The main men are dangerous and teetering on the edge of sanity. Scrap that, one has crossed over but there’s an element of doubt lurking in my mind. They have no trouble distancing their minds from the macabre moments they participate in, carrying on as if they are going about a 9-5 job (which I can assure you was far outside the normal business time frame and activities).

She’s complicated. Perhaps more complicated than any other woman I’ve met, but still…I’m Alexander Bastien. I will win her heart without a fucking doubt, and when I do…

The prologue introduced, Alexander and Geraldine heralded the darkness within the story that lay ahead. Their first scene had a medieval ritualistic edge to it that had me reducing the font on my phone in fear someone would inadvertently catch a glance at what I was reading.  Hell’s bells, is all I can say and hope to goodness this only ever occurs in fiction! The mind boggles, I read dark books and I don’t recall ever coming across this particular situation before…or maybe I have compartmentalised it for my peace of mind!  I got it but at the same time I thought it was overkill and definitely an indication of the Alex’s twisted sense of the need to prove his point.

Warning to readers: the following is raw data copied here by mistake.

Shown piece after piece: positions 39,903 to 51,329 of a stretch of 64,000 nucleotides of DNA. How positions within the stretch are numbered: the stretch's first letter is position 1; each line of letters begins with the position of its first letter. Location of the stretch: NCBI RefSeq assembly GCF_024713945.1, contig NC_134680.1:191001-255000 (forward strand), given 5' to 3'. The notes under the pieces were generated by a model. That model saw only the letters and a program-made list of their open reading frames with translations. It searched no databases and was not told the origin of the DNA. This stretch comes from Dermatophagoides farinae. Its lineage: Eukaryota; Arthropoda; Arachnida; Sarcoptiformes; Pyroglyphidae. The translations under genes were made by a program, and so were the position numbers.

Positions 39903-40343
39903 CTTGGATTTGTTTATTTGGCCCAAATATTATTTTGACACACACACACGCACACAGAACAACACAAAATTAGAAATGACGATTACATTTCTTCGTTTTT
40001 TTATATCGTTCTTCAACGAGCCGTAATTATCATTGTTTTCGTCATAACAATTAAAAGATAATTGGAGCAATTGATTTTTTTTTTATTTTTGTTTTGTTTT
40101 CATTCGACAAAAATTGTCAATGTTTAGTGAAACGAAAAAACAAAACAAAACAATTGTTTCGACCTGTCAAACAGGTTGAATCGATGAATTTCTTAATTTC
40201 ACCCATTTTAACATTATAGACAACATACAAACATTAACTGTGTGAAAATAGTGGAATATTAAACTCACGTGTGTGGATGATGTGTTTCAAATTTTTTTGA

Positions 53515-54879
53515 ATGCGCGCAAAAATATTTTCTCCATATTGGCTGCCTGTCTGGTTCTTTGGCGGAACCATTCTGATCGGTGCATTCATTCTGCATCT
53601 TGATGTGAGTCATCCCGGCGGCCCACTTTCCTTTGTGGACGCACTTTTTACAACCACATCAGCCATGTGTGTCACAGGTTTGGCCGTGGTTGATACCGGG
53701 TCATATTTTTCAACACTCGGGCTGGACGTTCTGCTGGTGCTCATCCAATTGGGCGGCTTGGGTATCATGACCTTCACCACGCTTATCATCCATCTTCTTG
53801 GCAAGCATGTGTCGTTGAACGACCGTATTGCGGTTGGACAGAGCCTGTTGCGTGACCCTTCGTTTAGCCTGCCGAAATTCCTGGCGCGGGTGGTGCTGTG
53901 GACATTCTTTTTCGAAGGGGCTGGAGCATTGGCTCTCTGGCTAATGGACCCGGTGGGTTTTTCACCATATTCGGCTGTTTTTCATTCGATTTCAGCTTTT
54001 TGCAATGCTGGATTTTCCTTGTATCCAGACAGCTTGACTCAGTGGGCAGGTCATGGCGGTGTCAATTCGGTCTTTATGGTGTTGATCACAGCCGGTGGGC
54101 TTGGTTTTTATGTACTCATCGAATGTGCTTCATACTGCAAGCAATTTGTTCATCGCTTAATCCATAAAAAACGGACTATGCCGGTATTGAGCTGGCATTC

My concern was still with Genevieve, the woman we met in the prologue, when the story shines the spotlight on Nikita, a counsellor at the local prison. It wasn’t long before I embraced Nikita and the new direction of the story. The action and suspense still prevalent, only now the driving force was a lot easier to process than the introduction.

Nikita is my kind of heroine. She’s her own woman, unpredictable, suffers a little from not thinking first, but she gets the job done. Working in a tough, male dominated world, she becomes a champion for the downtrodden criminals she encounters. It is through her caring and support for one particular inmate that brings her into contact with Tommy.